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Effects of early antiretroviral treatment on HIV-1 RNA in blood and lymphoid tissue: a randomized trial of double versus triple therapy. Swiss HIV cohort study


Opravil, M; Cone, R W; Fischer, M; Vernazza, P L; Bassetti, S; Lorenzi, P; Bisset, L R; Ott, P; Huber, W; Knuchel, M C; Roos, Malgorzata; Lüthy, R; Weber, R (2000). Effects of early antiretroviral treatment on HIV-1 RNA in blood and lymphoid tissue: a randomized trial of double versus triple therapy. Swiss HIV cohort study. Journal of Acquired Immune Deficiency Syndromes, 23(1):17-25.

Abstract

To assess the effects of early initiation of antiretroviral therapy on cell-free and cell-associated viral load in blood and lymphoid tissue, we performed a randomized, open-label, multicenter trial comparing a double (zidovudine + lamivudine) and triple (zidovudine + lamivudine + ritonavir) drug combination in treatment-naive, asymptomatic patients with CD4 counts >400 cells/microl. HIV-1 RNA was measured in plasma, peripheral blood mononuclear cells, and sequential tonsil or lymph node biopsies (27 patients); the study follow-up was 2 years. Among 42 randomized patients, the proportion with plasma HIV-1 RNA <50 copies/ml was 16% and 74% at week 24 (p<.001) in those randomized to double and triple therapy, respectively, necessitating frequent treatment intensification in the double arm. After a rapid decline within 4 weeks in both arms, cell-associated HIV-1 RNA decreased further only in those patients with sustained suppression of plasma viral load, but remained almost always detectable at low levels, indicating persisting transcription of viral RNA. CD4 counts increased by 200 to 250 cells/microl at week 96 in both arms without significant differences (intent-to-treat analyses). Thus, even if treatment is initiated early in asymptomatic patients with preserved CD4 counts, three drugs are necessary to achieve sustained decreases of HIV load in blood and lymphoid tissue.

To assess the effects of early initiation of antiretroviral therapy on cell-free and cell-associated viral load in blood and lymphoid tissue, we performed a randomized, open-label, multicenter trial comparing a double (zidovudine + lamivudine) and triple (zidovudine + lamivudine + ritonavir) drug combination in treatment-naive, asymptomatic patients with CD4 counts >400 cells/microl. HIV-1 RNA was measured in plasma, peripheral blood mononuclear cells, and sequential tonsil or lymph node biopsies (27 patients); the study follow-up was 2 years. Among 42 randomized patients, the proportion with plasma HIV-1 RNA <50 copies/ml was 16% and 74% at week 24 (p<.001) in those randomized to double and triple therapy, respectively, necessitating frequent treatment intensification in the double arm. After a rapid decline within 4 weeks in both arms, cell-associated HIV-1 RNA decreased further only in those patients with sustained suppression of plasma viral load, but remained almost always detectable at low levels, indicating persisting transcription of viral RNA. CD4 counts increased by 200 to 250 cells/microl at week 96 in both arms without significant differences (intent-to-treat analyses). Thus, even if treatment is initiated early in asymptomatic patients with preserved CD4 counts, three drugs are necessary to achieve sustained decreases of HIV load in blood and lymphoid tissue.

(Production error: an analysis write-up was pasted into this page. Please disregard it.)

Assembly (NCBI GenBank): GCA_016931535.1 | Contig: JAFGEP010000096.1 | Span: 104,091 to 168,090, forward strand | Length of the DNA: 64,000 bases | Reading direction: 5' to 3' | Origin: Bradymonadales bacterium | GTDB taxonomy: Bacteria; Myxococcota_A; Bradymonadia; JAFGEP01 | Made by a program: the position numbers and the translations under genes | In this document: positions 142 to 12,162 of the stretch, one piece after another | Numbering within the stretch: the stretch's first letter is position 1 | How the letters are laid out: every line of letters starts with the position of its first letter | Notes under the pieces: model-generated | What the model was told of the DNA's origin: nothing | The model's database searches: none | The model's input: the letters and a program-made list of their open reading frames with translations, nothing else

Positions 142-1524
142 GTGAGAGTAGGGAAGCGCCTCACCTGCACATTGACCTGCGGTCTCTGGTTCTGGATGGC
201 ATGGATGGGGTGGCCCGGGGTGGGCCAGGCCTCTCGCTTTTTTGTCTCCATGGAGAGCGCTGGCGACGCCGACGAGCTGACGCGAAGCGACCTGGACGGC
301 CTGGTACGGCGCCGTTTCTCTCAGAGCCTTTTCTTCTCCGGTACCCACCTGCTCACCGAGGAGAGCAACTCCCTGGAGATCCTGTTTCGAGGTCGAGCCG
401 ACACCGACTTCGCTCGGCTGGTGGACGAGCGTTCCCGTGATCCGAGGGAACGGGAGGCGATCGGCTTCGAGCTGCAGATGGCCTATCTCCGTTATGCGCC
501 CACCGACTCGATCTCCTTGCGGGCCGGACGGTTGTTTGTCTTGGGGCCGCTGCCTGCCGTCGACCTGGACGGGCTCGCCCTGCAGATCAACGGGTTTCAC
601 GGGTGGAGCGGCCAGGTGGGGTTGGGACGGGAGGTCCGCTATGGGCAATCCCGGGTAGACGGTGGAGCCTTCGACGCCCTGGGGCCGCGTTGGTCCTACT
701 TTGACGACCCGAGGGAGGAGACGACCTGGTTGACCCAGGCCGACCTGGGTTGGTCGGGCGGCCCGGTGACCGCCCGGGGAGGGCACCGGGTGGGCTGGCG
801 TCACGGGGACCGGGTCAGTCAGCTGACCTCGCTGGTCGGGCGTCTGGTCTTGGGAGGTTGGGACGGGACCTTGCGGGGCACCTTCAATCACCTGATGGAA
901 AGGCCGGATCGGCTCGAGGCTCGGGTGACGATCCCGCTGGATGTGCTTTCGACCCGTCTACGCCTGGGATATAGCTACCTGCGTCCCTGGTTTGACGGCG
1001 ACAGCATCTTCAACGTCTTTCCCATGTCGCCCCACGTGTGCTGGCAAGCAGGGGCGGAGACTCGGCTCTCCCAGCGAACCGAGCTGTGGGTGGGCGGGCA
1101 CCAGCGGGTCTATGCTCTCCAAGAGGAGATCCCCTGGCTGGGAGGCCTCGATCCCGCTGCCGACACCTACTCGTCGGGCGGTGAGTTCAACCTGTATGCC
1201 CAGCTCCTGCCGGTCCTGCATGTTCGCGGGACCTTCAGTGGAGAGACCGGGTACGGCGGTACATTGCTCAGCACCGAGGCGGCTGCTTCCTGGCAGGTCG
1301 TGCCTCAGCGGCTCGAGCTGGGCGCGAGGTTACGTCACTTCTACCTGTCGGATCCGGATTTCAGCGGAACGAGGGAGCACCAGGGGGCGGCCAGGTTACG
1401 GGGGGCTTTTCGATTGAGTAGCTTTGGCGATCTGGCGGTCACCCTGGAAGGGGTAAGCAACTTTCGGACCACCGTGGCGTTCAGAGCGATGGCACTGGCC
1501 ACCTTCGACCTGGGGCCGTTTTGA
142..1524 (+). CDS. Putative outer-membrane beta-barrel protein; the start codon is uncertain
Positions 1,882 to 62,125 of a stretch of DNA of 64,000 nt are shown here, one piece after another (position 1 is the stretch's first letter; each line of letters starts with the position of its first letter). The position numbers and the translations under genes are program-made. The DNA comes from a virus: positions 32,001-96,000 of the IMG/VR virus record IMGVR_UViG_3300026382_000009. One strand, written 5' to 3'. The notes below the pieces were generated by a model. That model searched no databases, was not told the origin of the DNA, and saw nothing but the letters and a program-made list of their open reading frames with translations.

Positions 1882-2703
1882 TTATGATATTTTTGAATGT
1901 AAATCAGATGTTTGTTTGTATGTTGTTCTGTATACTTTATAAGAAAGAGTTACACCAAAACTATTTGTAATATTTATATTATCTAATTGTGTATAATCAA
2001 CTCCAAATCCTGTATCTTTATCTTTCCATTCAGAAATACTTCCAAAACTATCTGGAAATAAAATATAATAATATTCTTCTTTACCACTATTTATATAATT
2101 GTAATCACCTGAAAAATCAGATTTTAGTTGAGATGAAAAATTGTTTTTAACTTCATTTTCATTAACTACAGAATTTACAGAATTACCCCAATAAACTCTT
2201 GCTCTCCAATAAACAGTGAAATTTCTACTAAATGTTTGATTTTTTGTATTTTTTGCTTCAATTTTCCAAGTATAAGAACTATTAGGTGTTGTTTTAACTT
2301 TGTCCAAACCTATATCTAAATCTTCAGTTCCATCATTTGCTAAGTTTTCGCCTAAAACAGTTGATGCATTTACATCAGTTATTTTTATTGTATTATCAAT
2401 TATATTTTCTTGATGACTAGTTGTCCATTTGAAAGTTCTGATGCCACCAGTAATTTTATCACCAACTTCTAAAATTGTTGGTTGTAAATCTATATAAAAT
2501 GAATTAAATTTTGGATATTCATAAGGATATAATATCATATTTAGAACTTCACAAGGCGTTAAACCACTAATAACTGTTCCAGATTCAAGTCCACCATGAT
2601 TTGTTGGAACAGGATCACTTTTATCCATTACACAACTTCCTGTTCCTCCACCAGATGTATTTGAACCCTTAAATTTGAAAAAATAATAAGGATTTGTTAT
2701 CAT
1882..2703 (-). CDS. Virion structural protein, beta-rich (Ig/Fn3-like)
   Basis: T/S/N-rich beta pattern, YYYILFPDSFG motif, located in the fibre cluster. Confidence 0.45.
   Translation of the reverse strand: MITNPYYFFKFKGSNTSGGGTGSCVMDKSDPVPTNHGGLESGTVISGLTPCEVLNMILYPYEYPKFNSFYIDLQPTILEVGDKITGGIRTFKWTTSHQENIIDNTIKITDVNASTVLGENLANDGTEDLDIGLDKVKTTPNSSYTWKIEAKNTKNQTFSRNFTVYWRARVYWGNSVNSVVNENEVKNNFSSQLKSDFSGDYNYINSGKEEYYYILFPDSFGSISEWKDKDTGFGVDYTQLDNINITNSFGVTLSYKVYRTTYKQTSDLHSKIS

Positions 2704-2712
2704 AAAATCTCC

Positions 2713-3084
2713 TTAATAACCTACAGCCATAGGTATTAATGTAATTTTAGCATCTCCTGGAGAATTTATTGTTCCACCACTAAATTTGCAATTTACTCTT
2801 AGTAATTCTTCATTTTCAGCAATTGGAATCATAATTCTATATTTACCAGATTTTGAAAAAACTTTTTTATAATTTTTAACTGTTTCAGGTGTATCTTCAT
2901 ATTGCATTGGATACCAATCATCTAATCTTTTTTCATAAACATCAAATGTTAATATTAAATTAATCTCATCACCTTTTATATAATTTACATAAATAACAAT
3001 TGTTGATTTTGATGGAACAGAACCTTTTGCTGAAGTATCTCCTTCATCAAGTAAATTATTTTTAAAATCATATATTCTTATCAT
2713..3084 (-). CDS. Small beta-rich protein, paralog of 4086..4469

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Additional indexing

Item Type:Journal Article, refereed, original work
Communities & Collections:04 Faculty of Medicine > Epidemiology, Biostatistics and Prevention Institute (EBPI)
Dewey Decimal Classification:610 Medicine & health
Language:English
Date:1 January 2000
Deposited On:23 Oct 2014 10:41
Last Modified:05 Apr 2016 18:25
Publisher:Lippincott, Williams & Wilkins
ISSN:1525-4135
Free access at:Publisher DOI. An embargo period may apply.
Related URLs:http://journals.lww.com/jaids/pages/articleviewer.aspx?year=2000&issue=01010&article=00003&type=abstract (Publisher)
PubMed ID:10708052

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